What You Can Do For Rare Disease Day

 

February 28 is Rare Disease Day. This year’s theme is With research, possibilities are limitless.” This is true, but, unfortunately, research is also expensive and difficult. What can we do to help cure rare diseases?

Consider the Possibility

Imagine if you or a loved one had a disease where information about it was rare and hard to come by. Where your doctor was just as bewildered as you are. It’s a frustrating position to be in, but most people don’t think it will happen to them—after all, rare diseases are (by definition) rare.

While you have a minuscule chance of contracting any single rare disease, there are so many rare diseases that your chances of being affected by at least one is pretty high. 30 million people in Europe have at least one rare disease.

If you have been diagnosed with a rare disease, you know how frustrating getting information can be. If you just have an undiagnosed problem, that is stumping your physicians, it can be even worse. You understand that the unthinkable can and does happen to you and people you love. So, what can you do to help fight rare diseases?

Share Information

If you have a rare disease diagnosis, share what information you have about your disease and its treatment. For many rare diseases, a standard treatment protocol doesn’t exist. So, let people know what works for you and, importantly, what doesn’t work for you. People often are happy to share successes but not failures. However, the failures are just as important—they allow other people to skip the steps you went through.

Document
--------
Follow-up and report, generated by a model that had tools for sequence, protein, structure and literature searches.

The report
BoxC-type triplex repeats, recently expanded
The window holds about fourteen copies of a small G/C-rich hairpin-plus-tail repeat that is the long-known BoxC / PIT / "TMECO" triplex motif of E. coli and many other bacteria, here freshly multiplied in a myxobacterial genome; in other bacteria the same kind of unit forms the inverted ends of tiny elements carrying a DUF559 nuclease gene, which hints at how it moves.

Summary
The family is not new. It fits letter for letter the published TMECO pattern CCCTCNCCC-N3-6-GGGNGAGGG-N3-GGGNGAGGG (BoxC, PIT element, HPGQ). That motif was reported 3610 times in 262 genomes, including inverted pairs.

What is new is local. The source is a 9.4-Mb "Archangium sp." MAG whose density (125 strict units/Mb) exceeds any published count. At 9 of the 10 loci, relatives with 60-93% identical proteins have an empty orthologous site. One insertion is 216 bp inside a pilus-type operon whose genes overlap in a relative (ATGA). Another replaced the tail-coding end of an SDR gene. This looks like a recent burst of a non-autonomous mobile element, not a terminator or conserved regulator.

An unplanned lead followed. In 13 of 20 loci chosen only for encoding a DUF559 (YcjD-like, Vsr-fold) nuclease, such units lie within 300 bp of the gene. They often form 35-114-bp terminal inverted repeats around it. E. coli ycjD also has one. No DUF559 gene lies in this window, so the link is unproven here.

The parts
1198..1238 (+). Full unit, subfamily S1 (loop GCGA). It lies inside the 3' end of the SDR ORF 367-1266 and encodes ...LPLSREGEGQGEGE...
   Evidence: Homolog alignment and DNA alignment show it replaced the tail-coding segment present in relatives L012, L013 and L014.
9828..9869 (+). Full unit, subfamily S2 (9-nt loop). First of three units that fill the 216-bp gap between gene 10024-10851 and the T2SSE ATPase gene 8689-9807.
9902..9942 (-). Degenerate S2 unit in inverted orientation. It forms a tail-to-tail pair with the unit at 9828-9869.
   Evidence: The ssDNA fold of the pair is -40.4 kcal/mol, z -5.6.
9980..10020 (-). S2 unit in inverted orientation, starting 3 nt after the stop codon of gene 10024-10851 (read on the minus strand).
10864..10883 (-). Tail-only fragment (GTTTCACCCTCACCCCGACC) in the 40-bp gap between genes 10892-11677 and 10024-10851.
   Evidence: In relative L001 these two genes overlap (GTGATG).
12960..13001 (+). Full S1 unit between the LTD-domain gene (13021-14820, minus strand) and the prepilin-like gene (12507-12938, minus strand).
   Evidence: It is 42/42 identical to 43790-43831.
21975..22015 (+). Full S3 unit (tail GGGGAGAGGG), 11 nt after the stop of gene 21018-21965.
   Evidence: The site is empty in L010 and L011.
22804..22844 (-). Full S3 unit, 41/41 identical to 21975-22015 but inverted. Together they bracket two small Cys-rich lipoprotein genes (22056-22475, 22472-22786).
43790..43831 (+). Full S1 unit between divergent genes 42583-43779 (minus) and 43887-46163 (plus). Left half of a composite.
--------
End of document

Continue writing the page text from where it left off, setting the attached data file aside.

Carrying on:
Encourage (and Allow) Your Doctor to Share Information

Privacy laws vary from country to country and your doctors won’t violate those laws by talking about you specifically, unless you give them permission to do so. Why is this important? Because while they can talk about Patient X, a 35-year-old female with Sabinas Brittle Hair Syndrom, it’s a lot more influential if your doctor can give a presentation and talk about your specifics. Why? Because then you are a real person. A human being with feelings and a family and struggles related to real life and your disease.

Donate Money and Time

Most of us aren’t sitting on piles of cash, but if you are, consider giving some of that cash to help with rare disease research. Because each disease is rare, there isn’t enough money to go around to research each one. If you aren’t sitting on a pile of cash, you can still contribute what you can, or contribute something else valuable—your time.

How can you help if you’re not a doctor or a scientist? Well, you can help raise funds. You can share your experiences with your disease.You can help a friend who is suffering from a difficult condition. Something as simple as offering someone a ride to the doctor, or sitting in and taking notes while your friend talks with her doctor can be an invaluable help.

Contact Your Elected Officials

Politicians are all about being re-elected. They care about what their constituents care about. So, make sure they know about rare diseases. Pharmaceutical companies are happy to spend money researching treatments for common ailments because they know that if they find a successful drug they will earn back their investment, and more. But a rare disease treatment costs just as much to research without the added benefit of a high return on investment. Therefore, rare disease research often needs help from governments and charities.Let your government know that your disease affects someone in her area. It might help.

Rare diseases touch just about everyone’s lives.  Let the search for cures touch everyone’s lives as well.

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